Gassy Babies by Brittney Kirton

Posted on July 5th, 2013

Gassy Babies

Gassy Babies

Today’s blog post is all about gas – well, gas in infants to be specific. Most parents have questions or concerns surrounding their baby’s digestive comfort. Infants, like adults, will have gas – there is no way around it. Some babies will have more than others and most of the time it doesn’t bother them. However, sometimes babies will have excess gas in the intestinal tract and it can be quite painful. If your baby is dealing with excessive gas, below are some potential causes and treatments to help with your infant’s gas.

Potential Causes

One of the most common reasons for the presence of gassiness in infants is from swallowing air. Crying causes the baby to swallow air. The more crying a baby does, the more air they swallow, the gassier they become, the more they cry from discomfort of gas – it’s a vicious circle. Crying is the last form of communication from your baby. Learn the infants feeding cues, signs they need to be changed or just looking for some extra cuddles.

Infants can also swallow air if the breastfeeding latch is improper (listen for clicking noises or dimpling in the cheeks as possible signs the latch should be improved). Another breastfeeding challenge that could cause gas in infants is strong milk ejection reflex (MER) as an infant will sometimes pull off the breast coughing, gasping, or sputtering. If you have a strong milk ejection reflex, try letting down into a cloth, bottle, or breastmilk storage container until your flow has reduced, and then relatch your baby. Please consider contacting a qualified lactation consultant if you are having difficulties with latching or any other breastfeeding challenges.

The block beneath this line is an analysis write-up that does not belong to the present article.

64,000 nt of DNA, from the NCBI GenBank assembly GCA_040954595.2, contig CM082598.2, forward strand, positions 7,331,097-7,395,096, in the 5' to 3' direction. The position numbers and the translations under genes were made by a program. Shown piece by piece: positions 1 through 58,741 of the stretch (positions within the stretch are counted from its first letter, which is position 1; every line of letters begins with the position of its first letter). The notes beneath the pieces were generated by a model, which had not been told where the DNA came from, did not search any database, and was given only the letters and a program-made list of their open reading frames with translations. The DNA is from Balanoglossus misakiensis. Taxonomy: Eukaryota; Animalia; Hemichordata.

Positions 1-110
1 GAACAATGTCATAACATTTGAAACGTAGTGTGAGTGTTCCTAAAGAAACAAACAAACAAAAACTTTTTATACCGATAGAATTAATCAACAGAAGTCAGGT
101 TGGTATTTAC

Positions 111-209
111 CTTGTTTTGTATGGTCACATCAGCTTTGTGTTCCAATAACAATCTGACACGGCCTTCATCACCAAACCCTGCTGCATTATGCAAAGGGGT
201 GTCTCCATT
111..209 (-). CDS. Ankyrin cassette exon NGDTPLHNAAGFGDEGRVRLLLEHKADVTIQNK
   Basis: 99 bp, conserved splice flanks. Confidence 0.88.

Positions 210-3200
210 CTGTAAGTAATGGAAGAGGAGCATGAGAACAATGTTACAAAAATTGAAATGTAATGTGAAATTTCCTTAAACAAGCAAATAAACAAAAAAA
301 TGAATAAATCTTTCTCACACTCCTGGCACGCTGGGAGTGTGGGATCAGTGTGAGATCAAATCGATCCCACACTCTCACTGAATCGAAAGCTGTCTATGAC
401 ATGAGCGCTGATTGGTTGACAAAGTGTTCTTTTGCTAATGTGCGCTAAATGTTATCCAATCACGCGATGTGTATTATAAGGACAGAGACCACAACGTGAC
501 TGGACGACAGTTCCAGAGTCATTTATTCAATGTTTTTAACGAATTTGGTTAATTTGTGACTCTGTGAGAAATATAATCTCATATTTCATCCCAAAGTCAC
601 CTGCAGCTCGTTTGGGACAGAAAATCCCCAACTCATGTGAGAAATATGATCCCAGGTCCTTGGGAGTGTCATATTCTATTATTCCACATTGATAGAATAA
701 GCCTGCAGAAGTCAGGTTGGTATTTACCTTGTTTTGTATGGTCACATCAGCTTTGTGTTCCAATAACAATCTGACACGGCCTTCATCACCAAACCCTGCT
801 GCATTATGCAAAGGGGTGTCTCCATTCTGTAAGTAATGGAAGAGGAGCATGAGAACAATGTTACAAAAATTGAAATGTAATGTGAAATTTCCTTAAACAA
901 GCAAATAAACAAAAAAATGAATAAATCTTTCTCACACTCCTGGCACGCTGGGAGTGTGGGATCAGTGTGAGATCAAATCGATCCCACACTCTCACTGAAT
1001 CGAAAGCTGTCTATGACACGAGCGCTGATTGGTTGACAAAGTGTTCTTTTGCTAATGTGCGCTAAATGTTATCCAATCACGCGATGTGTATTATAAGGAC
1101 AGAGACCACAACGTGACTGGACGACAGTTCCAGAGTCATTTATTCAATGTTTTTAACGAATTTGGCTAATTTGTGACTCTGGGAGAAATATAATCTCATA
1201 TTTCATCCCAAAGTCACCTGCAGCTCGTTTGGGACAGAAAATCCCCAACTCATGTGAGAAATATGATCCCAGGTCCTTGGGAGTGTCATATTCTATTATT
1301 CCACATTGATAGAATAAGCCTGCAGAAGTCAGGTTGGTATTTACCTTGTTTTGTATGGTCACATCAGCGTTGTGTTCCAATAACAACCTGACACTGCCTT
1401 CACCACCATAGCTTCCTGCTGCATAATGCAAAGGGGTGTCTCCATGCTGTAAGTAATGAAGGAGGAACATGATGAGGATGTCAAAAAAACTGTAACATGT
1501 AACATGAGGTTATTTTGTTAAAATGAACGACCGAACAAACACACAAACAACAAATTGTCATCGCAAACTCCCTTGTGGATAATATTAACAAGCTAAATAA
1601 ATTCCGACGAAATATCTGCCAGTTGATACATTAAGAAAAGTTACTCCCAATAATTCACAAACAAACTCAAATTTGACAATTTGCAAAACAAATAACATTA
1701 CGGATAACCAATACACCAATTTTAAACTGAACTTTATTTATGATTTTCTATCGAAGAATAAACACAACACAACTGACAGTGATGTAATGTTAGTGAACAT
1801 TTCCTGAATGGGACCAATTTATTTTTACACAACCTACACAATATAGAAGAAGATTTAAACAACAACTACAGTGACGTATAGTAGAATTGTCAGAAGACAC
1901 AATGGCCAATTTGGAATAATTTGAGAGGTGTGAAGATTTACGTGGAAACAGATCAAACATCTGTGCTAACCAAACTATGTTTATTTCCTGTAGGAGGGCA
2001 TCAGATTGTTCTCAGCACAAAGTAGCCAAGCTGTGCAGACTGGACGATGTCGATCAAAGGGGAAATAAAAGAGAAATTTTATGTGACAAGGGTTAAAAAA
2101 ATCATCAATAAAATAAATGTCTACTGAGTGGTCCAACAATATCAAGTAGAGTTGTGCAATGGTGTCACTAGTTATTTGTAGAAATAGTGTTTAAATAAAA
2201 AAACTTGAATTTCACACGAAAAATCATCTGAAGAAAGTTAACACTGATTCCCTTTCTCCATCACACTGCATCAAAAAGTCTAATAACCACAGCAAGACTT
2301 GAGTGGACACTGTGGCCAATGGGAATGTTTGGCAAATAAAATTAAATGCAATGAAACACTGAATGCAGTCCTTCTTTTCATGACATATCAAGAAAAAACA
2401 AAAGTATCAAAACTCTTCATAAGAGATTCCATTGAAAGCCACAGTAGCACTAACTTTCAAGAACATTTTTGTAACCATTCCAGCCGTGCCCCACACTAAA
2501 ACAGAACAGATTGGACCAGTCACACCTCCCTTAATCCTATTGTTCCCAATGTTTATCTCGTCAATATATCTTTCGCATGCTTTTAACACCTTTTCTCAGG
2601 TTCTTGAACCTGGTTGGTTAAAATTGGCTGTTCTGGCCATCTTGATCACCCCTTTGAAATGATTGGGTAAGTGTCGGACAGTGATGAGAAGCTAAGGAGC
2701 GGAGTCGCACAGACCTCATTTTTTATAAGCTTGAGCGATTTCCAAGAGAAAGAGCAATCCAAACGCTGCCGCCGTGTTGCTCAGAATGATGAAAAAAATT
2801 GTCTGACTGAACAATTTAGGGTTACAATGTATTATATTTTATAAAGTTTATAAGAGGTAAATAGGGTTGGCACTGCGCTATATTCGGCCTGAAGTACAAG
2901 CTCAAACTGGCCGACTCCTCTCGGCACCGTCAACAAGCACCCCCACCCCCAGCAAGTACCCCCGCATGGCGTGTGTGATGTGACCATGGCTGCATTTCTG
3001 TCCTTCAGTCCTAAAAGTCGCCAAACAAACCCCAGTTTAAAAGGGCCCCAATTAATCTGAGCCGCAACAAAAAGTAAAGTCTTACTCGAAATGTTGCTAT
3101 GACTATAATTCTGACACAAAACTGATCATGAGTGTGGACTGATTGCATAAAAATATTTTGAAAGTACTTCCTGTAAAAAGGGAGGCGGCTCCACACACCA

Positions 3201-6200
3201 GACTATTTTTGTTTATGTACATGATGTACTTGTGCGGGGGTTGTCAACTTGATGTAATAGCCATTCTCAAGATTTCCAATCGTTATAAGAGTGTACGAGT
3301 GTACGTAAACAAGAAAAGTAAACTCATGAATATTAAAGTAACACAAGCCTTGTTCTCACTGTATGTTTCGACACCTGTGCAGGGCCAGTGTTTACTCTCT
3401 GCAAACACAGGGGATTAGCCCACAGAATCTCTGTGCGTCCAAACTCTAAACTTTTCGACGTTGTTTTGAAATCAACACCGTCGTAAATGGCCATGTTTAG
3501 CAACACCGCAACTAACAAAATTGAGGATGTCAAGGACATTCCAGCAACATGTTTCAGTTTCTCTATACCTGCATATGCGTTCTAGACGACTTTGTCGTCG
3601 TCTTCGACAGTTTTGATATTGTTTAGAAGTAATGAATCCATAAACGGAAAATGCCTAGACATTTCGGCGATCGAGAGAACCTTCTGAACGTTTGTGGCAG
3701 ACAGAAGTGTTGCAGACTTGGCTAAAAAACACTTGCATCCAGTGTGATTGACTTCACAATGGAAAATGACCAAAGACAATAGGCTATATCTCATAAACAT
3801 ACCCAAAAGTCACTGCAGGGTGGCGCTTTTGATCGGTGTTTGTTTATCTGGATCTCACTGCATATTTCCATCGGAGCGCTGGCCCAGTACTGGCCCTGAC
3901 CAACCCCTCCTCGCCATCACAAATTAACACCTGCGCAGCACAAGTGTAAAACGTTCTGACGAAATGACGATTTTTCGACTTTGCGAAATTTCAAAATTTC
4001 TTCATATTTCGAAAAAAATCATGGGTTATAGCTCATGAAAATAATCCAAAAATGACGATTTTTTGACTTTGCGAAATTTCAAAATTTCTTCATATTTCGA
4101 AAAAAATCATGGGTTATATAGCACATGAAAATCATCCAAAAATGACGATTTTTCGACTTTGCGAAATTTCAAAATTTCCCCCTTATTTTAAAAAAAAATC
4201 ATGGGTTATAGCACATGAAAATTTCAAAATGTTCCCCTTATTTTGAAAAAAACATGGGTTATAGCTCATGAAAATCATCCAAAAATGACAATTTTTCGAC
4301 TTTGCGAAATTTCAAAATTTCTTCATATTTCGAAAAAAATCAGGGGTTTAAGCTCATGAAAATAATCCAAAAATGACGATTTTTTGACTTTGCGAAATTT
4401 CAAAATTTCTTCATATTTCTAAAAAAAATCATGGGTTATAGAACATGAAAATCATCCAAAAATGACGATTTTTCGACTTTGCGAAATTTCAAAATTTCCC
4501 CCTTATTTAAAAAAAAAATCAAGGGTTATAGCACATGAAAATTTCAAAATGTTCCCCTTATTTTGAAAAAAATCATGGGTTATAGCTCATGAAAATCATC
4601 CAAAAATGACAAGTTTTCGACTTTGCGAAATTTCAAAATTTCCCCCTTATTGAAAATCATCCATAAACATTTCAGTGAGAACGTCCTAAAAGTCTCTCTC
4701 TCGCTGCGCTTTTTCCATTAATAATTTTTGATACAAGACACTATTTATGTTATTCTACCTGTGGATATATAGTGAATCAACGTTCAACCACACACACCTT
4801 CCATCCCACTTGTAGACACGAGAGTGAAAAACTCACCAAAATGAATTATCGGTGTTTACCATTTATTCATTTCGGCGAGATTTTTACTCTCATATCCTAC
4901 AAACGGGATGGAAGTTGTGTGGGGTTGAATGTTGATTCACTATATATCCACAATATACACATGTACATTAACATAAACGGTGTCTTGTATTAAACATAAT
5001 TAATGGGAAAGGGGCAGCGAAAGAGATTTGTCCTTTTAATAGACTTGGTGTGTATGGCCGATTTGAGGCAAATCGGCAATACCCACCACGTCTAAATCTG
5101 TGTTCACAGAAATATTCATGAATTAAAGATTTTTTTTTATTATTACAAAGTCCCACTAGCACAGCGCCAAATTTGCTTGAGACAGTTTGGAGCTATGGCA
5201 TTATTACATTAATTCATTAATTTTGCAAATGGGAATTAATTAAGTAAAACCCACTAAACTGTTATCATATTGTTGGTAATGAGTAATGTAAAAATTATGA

Infants feeding from bottles often swallow air. If your gassy baby is being bottle-fed, during their feed, I recommend the following: keep them propped up at a 45 degree angle, ensure your baby is latching to the wide base of the bottle’s nipple, allow for frequent breaks to burp your baby, and consider using collapsible bottle bags. There are now many bottles on the market that claim to reduce the amount of air an infant will swallow – unfortunately, I have not seen studies to prove or disprove these claims. If you have had great experience with one of these gas-reducing bottles, please consider leaving a comment below. Like bottle-fed infants, babies that frequently use pacifiers tend to swallow more air – limit pacifier use.

Overfeeding can lead to increased gas in the infant’s intestine. In the first 3 months of an infant’s life, not much lactase (enzyme to break down lactose) is produced. Overfeeding allows for extra lactose in the gastrointestinal tract that cannot be properly digested, resulting in gas. Offering smaller volumes of breastmilk or breastmilk substitute more frequently can help reduce this issue.

Dr. Jack Newman has written that burping is a ‘useless rite’ and will not relieve gas in the intestine of the infant as the gas is formed in the intestine. If Dr. Newman is right, then how do we help ease the discomfort of the gas? Some people believe that mother’s diet affects the breastmilk and in turn affects the baby. With the exception of cow’s milk (I’ll explain in a moment), there is no scientific proof that certain foods you eat will cause gas in your baby because gas is a localized reaction in the GI tract and foods that mother’s eat does not alter breastmilk enough to pass gas forming substances into a baby’s GI tract. Some women still feel better removing gas forming foods from their diet while nursing and if nothing else has worked, why not give it a try? The foods thought to increase gas production in babies are: Dairy, wheat, corn, peanuts, hot or strong flavored spices, broccoli, onions, brussel sprouts, green peppers, cauliflower, cabbage, and beans.

Dairy is a food group that is known to cause digestive issues in breastfed infants because of beta-lactoglobulin is transferred through breastmilk and can cause upset as if the baby had injected it directly. Other substances are passed through breastmilk (alcohol, caffeine, medicines etc) and can affect the baby in various ways, but that’s a lengthy discussion for another blog post.

Treatment Options

Try different positions and holds for the baby. Hold baby so they are bent at the waist at 90 degrees. Their torso can be held against yours with their legs bent outwards on your arms or their torso can be held in your arms with their legs pressed against your torso. Another hold to try is laying your baby stomach down along your forearm and tucked into your body.